TEC Through The Lens Of A High School Student

entrepreneurship through the eyes of a high school student

By Thalia Kaloush

Ever since I had heard about Tripoli Entrepreneurs Club, It sparked my curiosity, because the words Tripoli and entrepreneurs don’t usually go together according to the stereotypes associated with our city.

I wanted to learn more about that unique group of people, and I had to meet them. So I sent an email even though I had many doubts. I thought that I, still a student, will have nothing to do there and no one to talk to. Half hindered by my fears and half hopeful, I visited TEC. Needless to say, I went home with new-found optimism! My interactions with the young entrepreneurs restored my faith in Tripoli, their enthusiasm and positivity are honestly contagious.

So here’s what I discovered about TEC, and what it taught me about making change in Tripoli, and Lebanon as a whole.

Firstly, you’re probably wondering what does this hard-to-spell word even mean: An entrepreneur is an innovative individual who turns his/her big ideas into a business. Entrepreneurs are problem solvers and community driven people, that’s why in most cases you’ll see that entrepreneurial operations aim in part to solve certain local, national or international problems.

For instance, Clean2o is a startup launched with the help of TEC, it aims to make clean water accessible for everyone. Coming at first place in TEC’s startup seeds program, the two masterminds behind clean2o came up with a sustainable way of providing clean water by designing portable water filters. Clean2o is at once a profitable business, and a possible solution for an international issue. That in my opinion is what makes their company so inspirational.

By now entrepreneurship seems like an easy to win lottery; it’s an escape from boring routine jobs and a way to make money while being your own boss. Isn’t that the perfect lifestyle?…WRONG! Entrepreneurs face many challenges when launching a startup; it takes hard work and sacrifice to bring visions to life, they have to quit their jobs and put their stability at risk, in order to give their undivided attention to their projects.

Interestingly, TEC is itself a startup. ”we started from point zero. It took seven years of consistent hard work and dedication to get to where we are today.” –Fadi Mikati, co-founder at TEC.

With all this in mind, how does TEC inspire change making and advancement in our society?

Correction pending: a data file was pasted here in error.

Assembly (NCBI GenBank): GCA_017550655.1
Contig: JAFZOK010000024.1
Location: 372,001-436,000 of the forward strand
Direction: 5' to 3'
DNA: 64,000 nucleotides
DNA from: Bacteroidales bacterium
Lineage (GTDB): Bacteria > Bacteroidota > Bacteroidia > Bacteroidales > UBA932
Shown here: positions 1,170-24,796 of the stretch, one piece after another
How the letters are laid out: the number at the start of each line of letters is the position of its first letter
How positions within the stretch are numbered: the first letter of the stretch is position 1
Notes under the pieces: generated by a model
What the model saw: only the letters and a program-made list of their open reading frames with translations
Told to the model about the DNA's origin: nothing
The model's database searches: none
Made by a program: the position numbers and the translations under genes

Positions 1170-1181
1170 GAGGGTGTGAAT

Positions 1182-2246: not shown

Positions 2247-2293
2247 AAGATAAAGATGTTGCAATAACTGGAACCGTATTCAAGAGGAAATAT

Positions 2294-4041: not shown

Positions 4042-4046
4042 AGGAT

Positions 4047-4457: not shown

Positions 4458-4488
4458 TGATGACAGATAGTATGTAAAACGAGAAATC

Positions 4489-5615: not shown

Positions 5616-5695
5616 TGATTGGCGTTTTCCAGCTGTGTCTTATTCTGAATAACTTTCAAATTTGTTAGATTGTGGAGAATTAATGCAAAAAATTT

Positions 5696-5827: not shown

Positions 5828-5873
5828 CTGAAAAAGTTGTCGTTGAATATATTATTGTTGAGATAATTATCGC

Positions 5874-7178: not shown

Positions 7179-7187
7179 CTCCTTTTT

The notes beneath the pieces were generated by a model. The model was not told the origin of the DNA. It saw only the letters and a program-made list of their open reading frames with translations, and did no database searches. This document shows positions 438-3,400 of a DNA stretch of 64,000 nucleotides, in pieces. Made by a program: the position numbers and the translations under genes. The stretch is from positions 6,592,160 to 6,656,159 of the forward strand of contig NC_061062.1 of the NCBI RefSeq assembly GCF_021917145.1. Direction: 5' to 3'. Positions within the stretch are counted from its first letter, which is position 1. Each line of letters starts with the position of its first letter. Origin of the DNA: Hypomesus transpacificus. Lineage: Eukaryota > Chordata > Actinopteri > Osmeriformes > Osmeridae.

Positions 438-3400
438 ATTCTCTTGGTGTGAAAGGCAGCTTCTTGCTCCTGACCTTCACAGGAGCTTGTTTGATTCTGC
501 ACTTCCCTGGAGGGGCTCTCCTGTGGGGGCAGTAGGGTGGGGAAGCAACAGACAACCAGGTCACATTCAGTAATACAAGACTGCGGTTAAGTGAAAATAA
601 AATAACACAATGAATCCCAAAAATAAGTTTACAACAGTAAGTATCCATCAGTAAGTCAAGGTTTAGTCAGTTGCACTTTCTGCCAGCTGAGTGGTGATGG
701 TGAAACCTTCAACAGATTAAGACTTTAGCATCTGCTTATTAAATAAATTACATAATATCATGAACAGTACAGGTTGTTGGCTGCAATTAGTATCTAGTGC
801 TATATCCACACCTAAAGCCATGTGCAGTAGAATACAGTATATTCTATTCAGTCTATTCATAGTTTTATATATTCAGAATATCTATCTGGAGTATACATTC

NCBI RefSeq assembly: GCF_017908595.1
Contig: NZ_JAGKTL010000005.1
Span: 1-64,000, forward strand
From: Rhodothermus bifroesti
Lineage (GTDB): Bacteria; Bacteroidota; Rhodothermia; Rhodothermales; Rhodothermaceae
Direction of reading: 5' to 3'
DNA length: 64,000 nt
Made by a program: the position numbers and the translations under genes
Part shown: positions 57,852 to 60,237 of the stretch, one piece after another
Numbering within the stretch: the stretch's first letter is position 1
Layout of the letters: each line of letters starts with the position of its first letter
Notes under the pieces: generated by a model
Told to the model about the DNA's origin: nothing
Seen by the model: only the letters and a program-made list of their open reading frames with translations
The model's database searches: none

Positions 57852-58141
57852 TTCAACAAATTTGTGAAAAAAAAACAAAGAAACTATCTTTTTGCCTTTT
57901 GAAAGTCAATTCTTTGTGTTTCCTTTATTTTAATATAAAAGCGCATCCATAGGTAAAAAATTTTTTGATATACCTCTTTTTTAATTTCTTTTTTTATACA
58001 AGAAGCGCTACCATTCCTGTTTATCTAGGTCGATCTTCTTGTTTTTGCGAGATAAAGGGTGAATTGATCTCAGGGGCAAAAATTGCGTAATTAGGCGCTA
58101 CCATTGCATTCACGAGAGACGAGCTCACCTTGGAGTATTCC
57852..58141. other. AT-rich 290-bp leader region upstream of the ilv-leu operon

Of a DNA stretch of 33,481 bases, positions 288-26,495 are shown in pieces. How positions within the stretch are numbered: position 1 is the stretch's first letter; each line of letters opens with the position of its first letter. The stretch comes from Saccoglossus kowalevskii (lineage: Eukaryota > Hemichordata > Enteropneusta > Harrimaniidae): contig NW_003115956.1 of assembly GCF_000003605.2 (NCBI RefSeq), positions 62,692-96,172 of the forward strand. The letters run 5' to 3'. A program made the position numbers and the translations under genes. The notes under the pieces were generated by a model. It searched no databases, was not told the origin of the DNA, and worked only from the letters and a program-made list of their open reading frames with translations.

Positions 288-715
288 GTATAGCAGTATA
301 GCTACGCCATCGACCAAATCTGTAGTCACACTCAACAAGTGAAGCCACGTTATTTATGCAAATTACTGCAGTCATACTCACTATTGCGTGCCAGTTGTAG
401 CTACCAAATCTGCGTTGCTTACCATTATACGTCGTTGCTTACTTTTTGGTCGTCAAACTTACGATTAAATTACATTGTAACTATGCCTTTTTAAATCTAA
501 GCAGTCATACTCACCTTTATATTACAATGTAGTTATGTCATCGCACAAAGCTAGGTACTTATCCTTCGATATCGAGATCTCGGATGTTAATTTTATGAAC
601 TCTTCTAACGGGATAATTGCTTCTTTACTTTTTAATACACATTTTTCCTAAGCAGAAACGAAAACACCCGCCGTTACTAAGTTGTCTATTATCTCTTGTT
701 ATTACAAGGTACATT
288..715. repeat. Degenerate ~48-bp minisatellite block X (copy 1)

It’s no news that Lebanon is going through really tough times. We, the youths, are the most effected, our ambitions are nearly crushed, and we’re told: the best thing you can do in this country is leave. Entrepreneurship, however, offers us an open minded alternative for a better approach.

Lebanese youth, by adopting the entrepreneurial mindset, can create their own opportunities, pave their own way, and defy radicalism. The best thing you can do for this country is stay and be a change-maker, a creative problem solver, in short: an entrepreneur.

Finally, this is where TEC’s role comes in. Not only does it create an inclusive community for these like-minded people to exchange ideas, but also, through its efficient programs, supports entrepreneurs on their journey. Thus encouraging entrepreneurs to follow their dreams, while making entrepreneurship more widespread in the Lebanese culture.

As a student, if you can take home one message from this blog post let it be this: don’t be hesitant to reach out to organizations, the likes of TEC, in your entourage. Contrary to what you may think, students do have a role to play in the improvement of our country, and it’s not an insignificant one.

That is why, I challenge you to find any organization near you specialized in a field of your interest, and give them a call, or write them an email introducing yourself and clarifying your interest in their work. You’ll be surprised at how readily they’ll explain to you what they do, as well as listen to your opinions. Most importantly, you’ll be in awe of how much these people have done and are willing to do for Lebanon, which will prompt you to find your own unique way of making a difference so that we can collectively invite revolutionary change.

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